There are currently over 5.7 million students enrolled in private schools in the U.S.—totaling 10% of the K-12 student population. Private schools serve a wide range of students, with many dedicating themselves to serving low- and middle-income communities. These schools do this by offering scholarships and other forms of financial aid and sometimes operating at a deficit so they can serve any student who applies.
Like their public-school counterparts, private schools are also experiencing disruption in the time of COVID-19. While some won’t feel the financial pain that comes with an economic recession until the fall, the struggle has already begun for many. During times of economic downturn, private schools are historically at risk of closure.
A flood of private school students returning to public schools could overwhelm—even cripple—public schools as they struggle to recover from this crisis.
Private School Closures Affect Private Schools and Public Schools Alike
Public schools rely upon revenue from federal, state and local sources, and different states have different formulas for determining the amount of state and local funding that contributes to overall per-pupil spending. Private schools, on the other hand, charge tuition to meet operational expenses. In states with private school choice programs, students can use government funds to pay for all or part of their tuition, but even then, most schools rely upon some families to pay tuition out-of-pocket. When states closed schools to slow the spread of COVID-19, private schools began to lose the revenue that will enable them to re-open in the fall.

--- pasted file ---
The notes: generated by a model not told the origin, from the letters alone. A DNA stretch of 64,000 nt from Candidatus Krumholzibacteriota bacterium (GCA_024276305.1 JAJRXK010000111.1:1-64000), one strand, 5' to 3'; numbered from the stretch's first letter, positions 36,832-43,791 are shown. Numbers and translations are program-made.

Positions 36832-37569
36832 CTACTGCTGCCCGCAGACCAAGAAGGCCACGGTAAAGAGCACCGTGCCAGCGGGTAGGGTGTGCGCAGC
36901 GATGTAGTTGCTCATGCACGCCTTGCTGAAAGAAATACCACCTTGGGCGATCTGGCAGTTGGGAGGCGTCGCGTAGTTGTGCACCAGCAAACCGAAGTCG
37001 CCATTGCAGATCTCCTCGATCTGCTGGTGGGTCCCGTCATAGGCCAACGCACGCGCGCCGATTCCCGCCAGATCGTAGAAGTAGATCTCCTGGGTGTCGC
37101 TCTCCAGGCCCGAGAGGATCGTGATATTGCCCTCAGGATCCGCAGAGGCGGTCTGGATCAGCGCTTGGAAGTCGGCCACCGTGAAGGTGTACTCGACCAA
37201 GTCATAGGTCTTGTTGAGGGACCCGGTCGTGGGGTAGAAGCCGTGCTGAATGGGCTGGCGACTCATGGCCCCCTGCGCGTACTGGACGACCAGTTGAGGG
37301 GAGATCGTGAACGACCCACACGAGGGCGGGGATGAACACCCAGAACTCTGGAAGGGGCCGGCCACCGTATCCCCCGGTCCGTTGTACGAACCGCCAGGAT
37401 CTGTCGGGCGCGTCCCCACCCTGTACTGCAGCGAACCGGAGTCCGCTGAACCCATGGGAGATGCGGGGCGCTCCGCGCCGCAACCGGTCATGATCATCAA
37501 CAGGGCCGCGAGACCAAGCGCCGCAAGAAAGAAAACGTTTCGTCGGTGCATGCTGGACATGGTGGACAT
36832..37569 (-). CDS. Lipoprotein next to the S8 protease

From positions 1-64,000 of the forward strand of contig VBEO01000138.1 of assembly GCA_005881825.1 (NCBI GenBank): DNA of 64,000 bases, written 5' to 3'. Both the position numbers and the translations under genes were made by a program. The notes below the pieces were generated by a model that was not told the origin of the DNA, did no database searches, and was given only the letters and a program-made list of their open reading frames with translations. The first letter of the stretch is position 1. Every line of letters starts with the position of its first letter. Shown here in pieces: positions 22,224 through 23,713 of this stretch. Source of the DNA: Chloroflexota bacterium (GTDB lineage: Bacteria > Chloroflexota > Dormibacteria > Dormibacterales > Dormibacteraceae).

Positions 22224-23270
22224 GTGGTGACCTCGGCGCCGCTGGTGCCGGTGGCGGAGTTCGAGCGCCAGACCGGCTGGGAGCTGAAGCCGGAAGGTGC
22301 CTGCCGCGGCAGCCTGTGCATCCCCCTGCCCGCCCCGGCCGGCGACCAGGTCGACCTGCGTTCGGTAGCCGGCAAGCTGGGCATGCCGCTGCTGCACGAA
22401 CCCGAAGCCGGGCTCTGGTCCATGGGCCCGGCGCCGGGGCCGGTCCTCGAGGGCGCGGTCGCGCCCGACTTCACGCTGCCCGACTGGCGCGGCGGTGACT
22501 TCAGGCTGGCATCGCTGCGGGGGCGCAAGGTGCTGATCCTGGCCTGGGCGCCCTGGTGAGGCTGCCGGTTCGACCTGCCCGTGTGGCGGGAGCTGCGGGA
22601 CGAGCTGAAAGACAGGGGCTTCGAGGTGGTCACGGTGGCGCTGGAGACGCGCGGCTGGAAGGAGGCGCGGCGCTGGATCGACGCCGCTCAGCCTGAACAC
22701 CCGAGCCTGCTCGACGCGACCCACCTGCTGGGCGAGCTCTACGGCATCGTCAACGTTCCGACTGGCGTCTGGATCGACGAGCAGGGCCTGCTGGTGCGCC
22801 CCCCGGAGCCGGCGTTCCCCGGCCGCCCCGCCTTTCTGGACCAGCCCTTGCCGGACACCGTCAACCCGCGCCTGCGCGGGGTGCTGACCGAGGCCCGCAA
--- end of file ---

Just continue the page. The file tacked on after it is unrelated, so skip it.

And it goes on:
Why? Families who have lost jobs or taken pay-cuts may not be able to pay tuition for the remainder of the 2019-2020 school year. Most likely, they will opt to not re-enroll in their private school for fall. Declines in private school revenue, both current and future, will be compounded because many schools depend on philanthropy to cover costs that tuition alone can’t meet. Donations from individuals, corporations and even large foundations decrease in times of economic uncertainty. Faith-based schools associated with churches have already forfeited funds that comes from charitable donations collected at church services each week.
Consequences of Students Leaving Private Schools
If private schools close or students leave their private school, as many did during the Great Recession, the consequences will be swift and serious:
- Students will suffer from an abrupt disruption in learning as they transfer from schools they chose to new school environments.
- Local school districts will have to absorb hundreds of thousands—perhaps millions—of students who can no longer afford to pay tuition or have seen their schools close. This will come at a time when districts are facing their own financial uncertainty.
- Higher student enrollments in district schools causes a problem for states as well: in a time when they need to reduce spending, states will be forced to send more money to public schools.
Looking at the Data
At the end of the day, private schools save states and districts money. If they close because of this unprecedented crisis, all students—not just those in private schools—will feel the pain.
How Can We Prevent Private Schools from Closing?